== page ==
Tuesday, August 9, 2022
UncategorizedSpokesperson of Takamaka blockchain, Professor Nicola Fausto Spoto talks about environmental responsibility

Spokesperson of Takamaka blockchain, Professor Nicola Fausto Spoto talks about environmental responsibility

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Recently, Scotland’s first cryptocurrency, Scotcoin, has become carbon neutral by offsetting 100 tonnes of carbon dioxide equivalent. The reason why this is such an important achievement is because most technologies behind blockchain are known for using too much energy in their functioning. Bitcoin and Ethereum are, for instance, the main examples in this sense.

As the climate change agenda pushes in face of environmental disasters happening everywhere in the world (but especially in the Pacific region), it is extremely important that every enterprise and technology has a commitment with decarbonisation. In fact, there are already several blockchain platforms nowadays that use new strategies to reduce their impact on the environment.

While some may use clean energy resources (solar or wind power, for example), other blockchain platforms have decided to actually adjust their technology to make it more power-efficient. This is the case of the Takamaka blockchain, a platform developed by the company AiliA in 2018.

Spokesperson of AiliA, Professor Nicola Fausto Spoto is an expert in languages and techniques for the development and analysis of smart contracts in blockchain. He explains that energy saving is something guaranteed by the type of algorithm the Takamaka blockchain uses: the Takamaka Proof-of-stake (TPoS).

In general terms, TPoS is a type of algorithm that is already known to be an alternative to the algorithm used by Bitcoin blockchain, for example. As mentioned before, Bitcoin is not an energy-efficient blockchain, as it uses at least 99% of the energy consumption just to perform tasks like selecting a block marker. In the case of TPoS though, miners are completely removed from the equation to be substituted by “validators”.

Professor Spoto explains that unlike miners, who use computing power and hence currently solve complex mathematical problems to validate blocks, validators “temporarily allocate” their processing funds on blocks deemed valid (only at the time of the calculation of the stake). In other words, validators have a smarter strategy as they will only consume energy that is actually required for tasks, when they are allocated.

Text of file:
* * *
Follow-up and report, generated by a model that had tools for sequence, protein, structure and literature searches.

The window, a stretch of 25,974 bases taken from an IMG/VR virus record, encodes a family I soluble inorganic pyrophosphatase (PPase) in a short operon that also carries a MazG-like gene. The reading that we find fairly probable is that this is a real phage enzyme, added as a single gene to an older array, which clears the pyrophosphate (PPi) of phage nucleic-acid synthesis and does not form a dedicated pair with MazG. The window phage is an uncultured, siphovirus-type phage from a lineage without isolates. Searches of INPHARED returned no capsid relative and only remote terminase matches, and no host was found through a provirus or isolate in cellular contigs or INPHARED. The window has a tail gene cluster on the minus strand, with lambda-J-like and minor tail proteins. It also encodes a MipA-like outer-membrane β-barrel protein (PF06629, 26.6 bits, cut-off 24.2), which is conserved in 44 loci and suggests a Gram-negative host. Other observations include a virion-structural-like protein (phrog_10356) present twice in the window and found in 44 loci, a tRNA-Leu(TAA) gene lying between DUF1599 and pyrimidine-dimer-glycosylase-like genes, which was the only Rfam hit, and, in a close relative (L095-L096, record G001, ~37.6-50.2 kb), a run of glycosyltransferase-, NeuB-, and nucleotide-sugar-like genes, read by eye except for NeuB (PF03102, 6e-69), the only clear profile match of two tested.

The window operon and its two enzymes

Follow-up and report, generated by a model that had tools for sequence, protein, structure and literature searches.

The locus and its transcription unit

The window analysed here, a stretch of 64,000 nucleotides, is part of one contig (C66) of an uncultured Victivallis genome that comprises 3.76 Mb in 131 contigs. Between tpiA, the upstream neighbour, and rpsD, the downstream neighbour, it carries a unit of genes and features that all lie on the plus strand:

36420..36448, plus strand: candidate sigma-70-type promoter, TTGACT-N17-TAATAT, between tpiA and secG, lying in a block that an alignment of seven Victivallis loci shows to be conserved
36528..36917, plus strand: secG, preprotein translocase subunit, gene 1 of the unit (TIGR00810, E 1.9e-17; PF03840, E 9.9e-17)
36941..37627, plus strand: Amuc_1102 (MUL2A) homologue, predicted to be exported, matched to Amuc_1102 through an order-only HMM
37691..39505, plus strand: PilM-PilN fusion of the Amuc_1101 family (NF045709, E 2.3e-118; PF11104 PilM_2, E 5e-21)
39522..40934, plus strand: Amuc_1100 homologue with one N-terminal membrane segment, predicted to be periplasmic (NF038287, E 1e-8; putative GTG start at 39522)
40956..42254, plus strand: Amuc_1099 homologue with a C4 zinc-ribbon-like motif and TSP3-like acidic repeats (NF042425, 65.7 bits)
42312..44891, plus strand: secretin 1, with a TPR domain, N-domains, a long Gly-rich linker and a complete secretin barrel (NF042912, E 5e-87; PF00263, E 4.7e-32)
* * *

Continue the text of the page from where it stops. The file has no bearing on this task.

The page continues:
In addition to that, Professor Spoto highlights the fact that the safety ensured by the TPoS is another reason why people should be encouraged to become stakeholders of Takamaka – that is, more people should be entering the blockchain game by betting their coins on validators. “In TPoS, a validator can be anyone who is willing to prove that they own a certain amount of cryptocurrency,” he explains. “As miners try to increase their chances of solving complex mathematical problems through additional computing power and hence power consumption, validators increase their chances of being selected for the validation of a block by inviting stakeholders to allocate tokens at their node.

What is more, the Takamaka blockchain is so advanced compared to competitors that it is not only investing in the future of the environment, but also considering emerging technologies that could put blockchains at risk. That is the case of quantum computing, a technology that is still in development, but which already poses a great threat to cryptocurrencies and blockchain. However, Professor Spoto explains that the Takamaka blockchain uses qTesla, an algorithm that provides a totally new approach of protection from quantum attacks.

Initiatives such as Takamaka have been proving that, in spite of the pessimism of the so-called “cryptowinter”, blockchain is still a promising and heated market with young companies and start-ups still raising huge amounts of money, both from venture capital and fundraisers originating from crypto crowdfunding. Professor Spoto mentions protocols such as DeFi, NFT and WEB3 as examples of the present success of blockchain.

Since its creation in 2018, the number of registered users on the Takamaka blockchain has only increased – to date, there are almost 20,000 registered and authorised users. In 2021, the platform has also received VQF authorisation, which ensures that the Takamaka blockchain is fully compliant with Swiss anti-money laundering regulations and is considered digital money for all purposes.

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